Apple’s iPhone 6 is a long-term win-win for the telcos

It’s rare to see our two rival major telcos agree, but it seems neither Telstra nor Optus can deny the overwhelmingly positive impact Apple’s latest iPhone had on their business.

Bigger is indeed better for the telcos. Image:AAP

It’s rare to see our two rival major telcos agree, but it seems neither Telstra nor Optus can deny the overwhelmingly positive impact Apple’s latest iPhone had on their business.

But, it’s actually a bigger windfall than they may care to admit.

In today’s Australian Financial Review, Optus said it enjoyed one of its most successful weeks for device sales when the iPhone 6 and iPhone 6 Plus hit shelves last September.

“We sold out of iPhone 6s and it exceeded our previous high, which happened with the launch of Apple’s iPhone 5s,” Optus postpaid marketing director Tim Cowan told the paper.

Earlier this year, Telstra’s CEO David Thodey made a similar comment about the launch:  

“The iPhone 6 launch was pleasing for us and post-paid handheld ARPUs (average revenue per user) are continuing to improve.”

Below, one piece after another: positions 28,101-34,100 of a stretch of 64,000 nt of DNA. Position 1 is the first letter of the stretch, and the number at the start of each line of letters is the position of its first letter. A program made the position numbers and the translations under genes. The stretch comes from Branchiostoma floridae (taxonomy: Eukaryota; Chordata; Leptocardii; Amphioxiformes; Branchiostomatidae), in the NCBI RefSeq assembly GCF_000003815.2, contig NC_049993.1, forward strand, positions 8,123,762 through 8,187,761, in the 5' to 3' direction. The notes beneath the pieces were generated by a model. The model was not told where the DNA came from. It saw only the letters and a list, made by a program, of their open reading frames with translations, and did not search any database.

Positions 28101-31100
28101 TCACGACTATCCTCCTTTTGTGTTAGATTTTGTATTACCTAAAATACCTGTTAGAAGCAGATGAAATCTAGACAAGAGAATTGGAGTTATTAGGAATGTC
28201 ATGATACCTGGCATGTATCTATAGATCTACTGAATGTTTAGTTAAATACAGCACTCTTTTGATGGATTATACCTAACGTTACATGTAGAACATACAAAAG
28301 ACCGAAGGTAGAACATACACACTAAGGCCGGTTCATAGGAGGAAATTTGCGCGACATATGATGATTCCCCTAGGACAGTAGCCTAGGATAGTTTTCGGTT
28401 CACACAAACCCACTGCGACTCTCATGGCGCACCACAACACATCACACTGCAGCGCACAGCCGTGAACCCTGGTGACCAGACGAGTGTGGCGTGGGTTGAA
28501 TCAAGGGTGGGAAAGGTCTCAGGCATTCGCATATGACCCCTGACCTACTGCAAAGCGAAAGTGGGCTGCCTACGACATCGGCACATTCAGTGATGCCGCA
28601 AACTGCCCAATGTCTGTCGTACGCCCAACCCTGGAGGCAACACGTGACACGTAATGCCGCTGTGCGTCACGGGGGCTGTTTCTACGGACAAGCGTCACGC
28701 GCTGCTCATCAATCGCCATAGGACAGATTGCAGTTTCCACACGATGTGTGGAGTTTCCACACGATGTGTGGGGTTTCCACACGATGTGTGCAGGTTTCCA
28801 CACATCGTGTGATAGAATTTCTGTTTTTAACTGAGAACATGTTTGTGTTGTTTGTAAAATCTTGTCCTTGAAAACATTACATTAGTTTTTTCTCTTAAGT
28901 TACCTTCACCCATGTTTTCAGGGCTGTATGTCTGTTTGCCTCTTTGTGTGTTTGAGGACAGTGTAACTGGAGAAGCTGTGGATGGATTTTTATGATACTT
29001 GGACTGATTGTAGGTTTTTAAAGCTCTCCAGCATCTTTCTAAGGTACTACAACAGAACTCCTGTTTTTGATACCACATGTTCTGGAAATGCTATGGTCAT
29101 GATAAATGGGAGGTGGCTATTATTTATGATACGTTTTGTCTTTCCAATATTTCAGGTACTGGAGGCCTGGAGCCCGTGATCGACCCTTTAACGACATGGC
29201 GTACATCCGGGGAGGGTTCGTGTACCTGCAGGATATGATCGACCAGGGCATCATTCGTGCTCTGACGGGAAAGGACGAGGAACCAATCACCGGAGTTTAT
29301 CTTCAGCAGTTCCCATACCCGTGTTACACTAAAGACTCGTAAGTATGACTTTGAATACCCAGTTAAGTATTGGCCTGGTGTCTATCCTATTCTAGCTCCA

It’s that second point that’s interesting.

Raising average revenue per user (ARPU) is one of the key business drivers for the telcos. In today’s telco landscape, Higher ARPU typically means that consumers are opting for higher value plans and are in turn using more data.

We said this was a win-win; This is where that second win comes into play.

A new study from content aggregation site Pocket found that iPhone 6 Plus users are more likely to consumer content on their phone than their tablet.

It makes sense: the bigger the screen the better the content experience. Better connection speeds brought on by new network technologies are also playing a part in this trend.

Content consumption on the app also jumped 33 per cent when its users upgraded from the iPhone 5 or 5S to the iPhone 6 or iPhone 6 Plus.

So why is this good thing for the telco industry? Well for starters, telcos would prefer that users consume content on their phone rather than their tablet. The majority of tablet sales are Wi-Fi only devices, whereas all smartphones have access to the telco’s 3G and 4G services by default.

If consumers are using more data, then they will either opt for higher value plans that cater to their habits or spend more on add-on data packs. So it’s a win from device sales and another win from long-term data consumption trends. The telcos can only hope that this trend towards mobile-data enabled phablets continues to grow and prosper. 

This post was first published in The Ticker

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